In their podcast on June 15, social media guru Mark Schaefer and Mitch Joel, president of Twist Image, talked about the future of digital marketing. Here are 10 points delivered in the podcast.
a) In the early 90s, we responded to the emergence of the World Wide Web.
b) In the mid-90s, we were on the Web, figuring out how to broadcast our presence to others.
c) In the mid-2000s, social media and mobile moved us from marketing to creation, usefulness, utility, and customer service.
2. As we reach the end of each wave cycle, large numbers of us figure out the technology, but competition gets harder and more expensive and the market becomes crowded.
Enter the new wave.
3. The coming wave is exemplified by such emerging developments as augmented reality and wearable technology (for example, Oculus and Google Glass) and will culminate in the creation of interactive, immersive, useful products and services.
4. In this wave, we'll be learning how to merge the digital and physical. As demonstrated in the failure of many Kickstarter projects, we're also learning that "physical production" takes big bucks and expertise that few have.
5. Nevertheless, ultimately we can imagine a world where virtual reality is the norm, where people spend increasing amounts of time in an immersive virtual world.
6. What does this merging of digital and physical mean to marketers? The amalgamation will embody "integrated marketing." And, though it won't die, advertising will become out of place in this environment that dislikes interruption and favors message merged with actual experience. Meanwhile, product development, too, will be forced to shift, change, and integrate.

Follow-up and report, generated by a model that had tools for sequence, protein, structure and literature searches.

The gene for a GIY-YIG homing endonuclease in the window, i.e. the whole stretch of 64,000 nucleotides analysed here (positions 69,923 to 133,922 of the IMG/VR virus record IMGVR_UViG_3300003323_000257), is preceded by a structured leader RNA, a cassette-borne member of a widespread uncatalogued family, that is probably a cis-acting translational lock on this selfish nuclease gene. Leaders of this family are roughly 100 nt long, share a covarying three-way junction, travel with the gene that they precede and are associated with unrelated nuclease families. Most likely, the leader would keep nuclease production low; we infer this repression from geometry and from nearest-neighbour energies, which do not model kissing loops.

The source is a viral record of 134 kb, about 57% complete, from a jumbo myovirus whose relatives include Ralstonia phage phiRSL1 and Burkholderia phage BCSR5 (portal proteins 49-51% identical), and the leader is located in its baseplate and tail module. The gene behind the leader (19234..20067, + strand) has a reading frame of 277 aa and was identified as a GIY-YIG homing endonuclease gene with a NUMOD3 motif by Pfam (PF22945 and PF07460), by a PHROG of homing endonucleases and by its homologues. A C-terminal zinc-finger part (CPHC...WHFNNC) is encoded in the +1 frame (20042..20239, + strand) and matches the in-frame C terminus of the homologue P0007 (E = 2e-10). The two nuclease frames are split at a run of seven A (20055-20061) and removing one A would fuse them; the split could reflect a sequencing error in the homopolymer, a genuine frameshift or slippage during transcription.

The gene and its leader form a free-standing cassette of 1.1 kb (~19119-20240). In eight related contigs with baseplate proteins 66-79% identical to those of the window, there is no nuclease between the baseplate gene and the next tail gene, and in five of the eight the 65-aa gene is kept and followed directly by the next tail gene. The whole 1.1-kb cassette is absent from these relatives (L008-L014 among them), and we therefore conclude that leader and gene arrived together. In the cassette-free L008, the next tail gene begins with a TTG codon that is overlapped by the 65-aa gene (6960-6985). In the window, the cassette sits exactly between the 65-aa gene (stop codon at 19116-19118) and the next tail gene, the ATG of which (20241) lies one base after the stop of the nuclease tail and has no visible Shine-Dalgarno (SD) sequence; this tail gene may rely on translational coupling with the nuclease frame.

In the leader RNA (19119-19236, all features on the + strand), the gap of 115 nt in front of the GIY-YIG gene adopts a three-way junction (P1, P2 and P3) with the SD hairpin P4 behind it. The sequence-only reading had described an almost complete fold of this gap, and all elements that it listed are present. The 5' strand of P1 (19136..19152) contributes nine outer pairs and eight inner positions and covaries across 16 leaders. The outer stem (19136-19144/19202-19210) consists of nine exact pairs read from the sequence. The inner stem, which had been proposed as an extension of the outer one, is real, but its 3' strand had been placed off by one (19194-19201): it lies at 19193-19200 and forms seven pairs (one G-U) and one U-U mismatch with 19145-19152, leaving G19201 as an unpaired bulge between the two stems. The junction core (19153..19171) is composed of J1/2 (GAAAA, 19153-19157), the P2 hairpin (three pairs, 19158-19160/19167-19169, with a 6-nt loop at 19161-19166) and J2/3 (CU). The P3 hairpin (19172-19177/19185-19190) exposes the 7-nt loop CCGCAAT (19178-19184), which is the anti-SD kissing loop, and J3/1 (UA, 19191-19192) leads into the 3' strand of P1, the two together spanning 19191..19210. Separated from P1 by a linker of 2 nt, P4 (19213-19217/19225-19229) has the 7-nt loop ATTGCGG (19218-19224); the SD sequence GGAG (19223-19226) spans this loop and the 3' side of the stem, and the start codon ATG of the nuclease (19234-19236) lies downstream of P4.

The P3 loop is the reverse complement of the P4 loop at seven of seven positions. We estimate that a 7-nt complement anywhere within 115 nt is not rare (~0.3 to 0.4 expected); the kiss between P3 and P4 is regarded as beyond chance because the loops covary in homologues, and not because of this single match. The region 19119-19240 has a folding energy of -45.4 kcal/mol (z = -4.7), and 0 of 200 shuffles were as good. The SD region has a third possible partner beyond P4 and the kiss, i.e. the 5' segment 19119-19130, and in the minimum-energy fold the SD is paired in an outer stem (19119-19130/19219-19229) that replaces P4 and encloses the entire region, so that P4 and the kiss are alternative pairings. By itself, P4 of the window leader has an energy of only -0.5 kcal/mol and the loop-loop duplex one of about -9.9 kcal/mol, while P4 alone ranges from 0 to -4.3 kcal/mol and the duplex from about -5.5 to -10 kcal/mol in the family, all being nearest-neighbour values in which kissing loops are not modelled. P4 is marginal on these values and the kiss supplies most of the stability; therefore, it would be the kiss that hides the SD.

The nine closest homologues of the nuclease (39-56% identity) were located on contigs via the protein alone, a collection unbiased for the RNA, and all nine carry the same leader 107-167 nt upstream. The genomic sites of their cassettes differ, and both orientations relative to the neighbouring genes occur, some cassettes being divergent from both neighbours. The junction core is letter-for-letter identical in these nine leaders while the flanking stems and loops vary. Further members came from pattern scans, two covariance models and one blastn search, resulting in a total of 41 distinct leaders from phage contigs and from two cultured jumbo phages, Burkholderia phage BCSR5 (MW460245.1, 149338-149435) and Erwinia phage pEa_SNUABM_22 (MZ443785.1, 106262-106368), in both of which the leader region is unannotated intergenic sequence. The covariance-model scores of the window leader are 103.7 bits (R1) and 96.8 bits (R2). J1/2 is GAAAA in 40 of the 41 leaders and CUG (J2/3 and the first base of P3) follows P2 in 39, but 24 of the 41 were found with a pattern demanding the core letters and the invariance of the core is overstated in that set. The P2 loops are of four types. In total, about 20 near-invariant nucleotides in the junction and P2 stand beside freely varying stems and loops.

7. Customer engagement will build and compound on apps like Zite (recently purchased by Flipboard). Technologies of this type will become irresistible as they learn about individual choices and the content we love.
8. The best managed companies -- for example, CocaCola, Nike, Proctor & Gamble -- are already knocking on the door of Oculus and Google Glass and will lead breakthroughs in this new wave. They are already looking at how to leap the gap between serendipity and targeted marketing in order to take users to a full substantive experience.
9. Ideally, marketing will move from its current position in the corporate vertical structure to a multi-disciplinary position in the evolving horizontal corporate structure. Hopefully -- though not necessarily assuredly -- marketing is poised to take on a key role in the new multi-disciplinary environment, moving beyond its current role as the advertising or communications layer to a new position that can influence the process of bringing products to fruition.
10. With each wave of change, agencies are seeing greater pressure to be both integrated and highly specialized. Trying to be everything to everybody is getting more difficult, while business is being lost to boutique agencies with new specialties and niches. Figuring out the dynamics of this fragmented service environment will be profound.
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